Why university athletes choose not to reveal their concussion symptoms
during a practice or game
Delaney JS, Lamfookon C,
Bloom GA, Al-Kashmiri A, and Correa JA. Clin J Sport Med. 2014. [Epub ahead of
Home Message: Over 75% of surveyed collegiate athletes, who believed they
sustained a concussion in the past year, reported not seeking proper medical
attention for that concussion. The most common reason athletes reported not
seeking proper medical attention was not believing the concussion was severe
enough to warrant stopping the activity to seek out a medical professional.
Concussions are a common injury among
athletes. While many concussions occur each year, many go unreported and
undiagnosed. If clinicians could gain a better understanding of why athletes do
not report, or underreport potential concussions, then clinicians may be able
to better educate athletes on the importance of reporting concussion symptoms,
which could lead to better concussion management. Therefore, Delaney and
colleagues completed a retrospective survey study to identify why athletes who
believe they had a concussion would not seek proper medical attention. The
authors invited 469 Canadian Interuniveristy Sport athletes (football, ice
hockey, basketball, soccer, and rugby) to complete an anonymous questionnaire.
The questionnaire assessed demographic information, past diagnosed concussions,
and other head injuries sustained. Participants were also asked about sporting
activity and if the respondent believed they had sustained a concussions within
the previous 12 months, if they sought treatment, and if not, why they chose
not to seek medical treatment. The survey did not list or ask participants
about specific concussion symptoms but instead only asked about self-diagnosed
concussions. Overall, 92 (20%) of participants believed that they had suffered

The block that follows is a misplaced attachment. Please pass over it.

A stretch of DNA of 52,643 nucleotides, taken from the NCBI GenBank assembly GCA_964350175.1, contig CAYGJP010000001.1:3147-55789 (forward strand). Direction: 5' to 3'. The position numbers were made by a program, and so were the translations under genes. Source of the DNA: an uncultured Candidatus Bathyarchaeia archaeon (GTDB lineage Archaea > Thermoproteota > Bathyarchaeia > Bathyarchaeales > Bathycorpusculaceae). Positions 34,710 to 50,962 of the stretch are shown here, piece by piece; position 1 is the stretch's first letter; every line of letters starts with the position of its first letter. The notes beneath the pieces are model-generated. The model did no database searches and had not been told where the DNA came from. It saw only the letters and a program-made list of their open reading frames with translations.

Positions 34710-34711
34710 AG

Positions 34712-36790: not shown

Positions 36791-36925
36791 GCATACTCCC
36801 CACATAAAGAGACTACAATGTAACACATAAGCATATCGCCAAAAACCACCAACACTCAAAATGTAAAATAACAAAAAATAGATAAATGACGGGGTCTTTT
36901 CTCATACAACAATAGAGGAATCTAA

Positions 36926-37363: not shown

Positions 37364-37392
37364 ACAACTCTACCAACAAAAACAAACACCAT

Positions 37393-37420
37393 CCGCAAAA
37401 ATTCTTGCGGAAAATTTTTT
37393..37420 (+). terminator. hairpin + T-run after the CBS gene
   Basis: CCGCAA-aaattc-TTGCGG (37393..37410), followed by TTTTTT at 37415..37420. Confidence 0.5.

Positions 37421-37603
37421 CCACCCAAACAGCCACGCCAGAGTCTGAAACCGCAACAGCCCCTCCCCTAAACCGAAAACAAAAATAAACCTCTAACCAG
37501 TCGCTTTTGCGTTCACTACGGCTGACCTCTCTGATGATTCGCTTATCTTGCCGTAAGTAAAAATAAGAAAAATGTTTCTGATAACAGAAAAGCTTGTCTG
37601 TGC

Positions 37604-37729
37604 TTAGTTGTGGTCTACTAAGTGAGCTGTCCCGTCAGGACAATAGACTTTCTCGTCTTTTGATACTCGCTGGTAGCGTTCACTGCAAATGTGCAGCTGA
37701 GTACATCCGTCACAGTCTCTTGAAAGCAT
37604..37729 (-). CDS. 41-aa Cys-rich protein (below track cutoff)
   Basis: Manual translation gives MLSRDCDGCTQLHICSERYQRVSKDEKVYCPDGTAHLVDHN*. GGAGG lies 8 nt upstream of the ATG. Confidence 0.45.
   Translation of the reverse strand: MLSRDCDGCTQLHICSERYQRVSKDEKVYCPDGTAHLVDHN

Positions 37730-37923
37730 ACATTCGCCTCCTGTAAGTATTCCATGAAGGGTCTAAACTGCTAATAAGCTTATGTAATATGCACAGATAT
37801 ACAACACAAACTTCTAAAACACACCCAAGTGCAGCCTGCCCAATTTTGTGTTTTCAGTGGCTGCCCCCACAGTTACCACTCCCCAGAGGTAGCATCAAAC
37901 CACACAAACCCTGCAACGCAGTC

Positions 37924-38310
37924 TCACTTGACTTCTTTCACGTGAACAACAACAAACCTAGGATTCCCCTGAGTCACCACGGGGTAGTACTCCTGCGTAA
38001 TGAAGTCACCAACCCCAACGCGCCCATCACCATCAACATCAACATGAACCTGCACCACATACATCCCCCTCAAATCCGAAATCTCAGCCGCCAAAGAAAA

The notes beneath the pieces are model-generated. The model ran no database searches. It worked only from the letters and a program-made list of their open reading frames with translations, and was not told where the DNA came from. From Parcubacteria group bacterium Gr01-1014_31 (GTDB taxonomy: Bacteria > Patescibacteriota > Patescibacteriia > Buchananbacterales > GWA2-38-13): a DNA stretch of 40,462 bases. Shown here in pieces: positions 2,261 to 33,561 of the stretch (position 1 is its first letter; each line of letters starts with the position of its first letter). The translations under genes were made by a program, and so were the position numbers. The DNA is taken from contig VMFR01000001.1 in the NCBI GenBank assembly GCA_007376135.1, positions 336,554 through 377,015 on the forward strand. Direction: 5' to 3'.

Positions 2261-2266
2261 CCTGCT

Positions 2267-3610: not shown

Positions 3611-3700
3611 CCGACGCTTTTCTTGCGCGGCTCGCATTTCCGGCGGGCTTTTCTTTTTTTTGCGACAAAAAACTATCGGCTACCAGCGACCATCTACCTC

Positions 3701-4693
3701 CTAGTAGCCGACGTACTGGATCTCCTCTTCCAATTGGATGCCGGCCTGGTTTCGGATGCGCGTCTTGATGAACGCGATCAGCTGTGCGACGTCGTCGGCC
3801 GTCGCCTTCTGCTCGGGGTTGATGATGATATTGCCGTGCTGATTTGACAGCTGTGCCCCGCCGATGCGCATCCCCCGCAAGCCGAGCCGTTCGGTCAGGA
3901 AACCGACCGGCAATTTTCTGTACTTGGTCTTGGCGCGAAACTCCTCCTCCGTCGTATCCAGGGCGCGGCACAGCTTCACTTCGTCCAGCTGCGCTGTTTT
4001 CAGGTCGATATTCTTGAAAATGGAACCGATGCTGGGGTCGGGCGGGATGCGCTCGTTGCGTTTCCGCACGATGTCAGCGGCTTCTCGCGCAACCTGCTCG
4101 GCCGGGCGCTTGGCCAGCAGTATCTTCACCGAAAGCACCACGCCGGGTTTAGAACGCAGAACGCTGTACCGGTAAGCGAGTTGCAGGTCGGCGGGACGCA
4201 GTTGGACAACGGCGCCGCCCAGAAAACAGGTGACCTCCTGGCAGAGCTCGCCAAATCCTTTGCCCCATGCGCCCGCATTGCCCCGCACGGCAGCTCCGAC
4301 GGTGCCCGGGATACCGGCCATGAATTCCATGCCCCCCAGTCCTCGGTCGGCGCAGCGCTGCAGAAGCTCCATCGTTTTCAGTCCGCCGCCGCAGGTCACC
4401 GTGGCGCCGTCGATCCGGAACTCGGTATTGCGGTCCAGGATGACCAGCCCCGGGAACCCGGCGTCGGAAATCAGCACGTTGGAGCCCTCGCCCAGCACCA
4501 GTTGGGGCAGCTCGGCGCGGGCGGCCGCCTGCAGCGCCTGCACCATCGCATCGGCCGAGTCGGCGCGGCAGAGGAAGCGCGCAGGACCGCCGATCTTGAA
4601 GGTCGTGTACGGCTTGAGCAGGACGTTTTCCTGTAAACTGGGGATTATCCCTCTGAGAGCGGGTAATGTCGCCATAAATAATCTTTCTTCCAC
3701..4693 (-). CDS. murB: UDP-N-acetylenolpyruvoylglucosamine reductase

at least one concussion in the previous 12 months. Of the 92 participants who
reported sustaining a concussion, 72 (78%) did not seek medical attention for
their concussion during a game or practice at least once in the past year. The
most common reason provided (55 athletes [60%]) for not seeking medical
attention was “did not feel the concussion was serious/severe and felt you
could still continue to play with little danger to yourself.”
Ultimately, these
findings are of great interest to clinicians because underreporting or
non-reporting of concussion is common in all sports and places the athlete at
an elevated risk for more serious, debilitating injury. Understanding why
athletes do not report their concussion is the first step in finding ways to
better educate athletes on the importance of seeking medical attention
following a suspected concussion. While the study in its current form is
informative, many more questions need to be addressed. For example, it would be
informative to know the participant’s knowledge of concussions or their
symptoms. It would be interesting to see if more educated athletes could more
easily identify concussion symptoms and understood the importance of reporting
these symptoms. Perhaps if clinicians can understand how, and if the education
of athletes allows them to better hide their symptoms, we can identify and set
in place protocols to rely on more objective measurements and/or less widely
known testing procedure to better identify athletes with concussions. In the
meantime, this study highlights that we should talk to our athletes about the
implications of concussions and the dangers of failing to report a possible
Questions for Discussion: How have you as a clinician,
dealt with underreporting or non-reporting of concussions? Have you found any
strategies particularly successful in identifying athletes with concussions?
Written by: Kyle Harris
Reviewed by: Jeffrey Driban
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Delaney, J., Lamfookon, C., Bloom, G., Al-Kashmiri, A., & Correa, J. (2014). Why University Athletes Choose Not to Reveal Their Concussion Symptoms During a Practice or Game Clinical Journal of Sport Medicine DOI: 10.1097/JSM.0000000000000112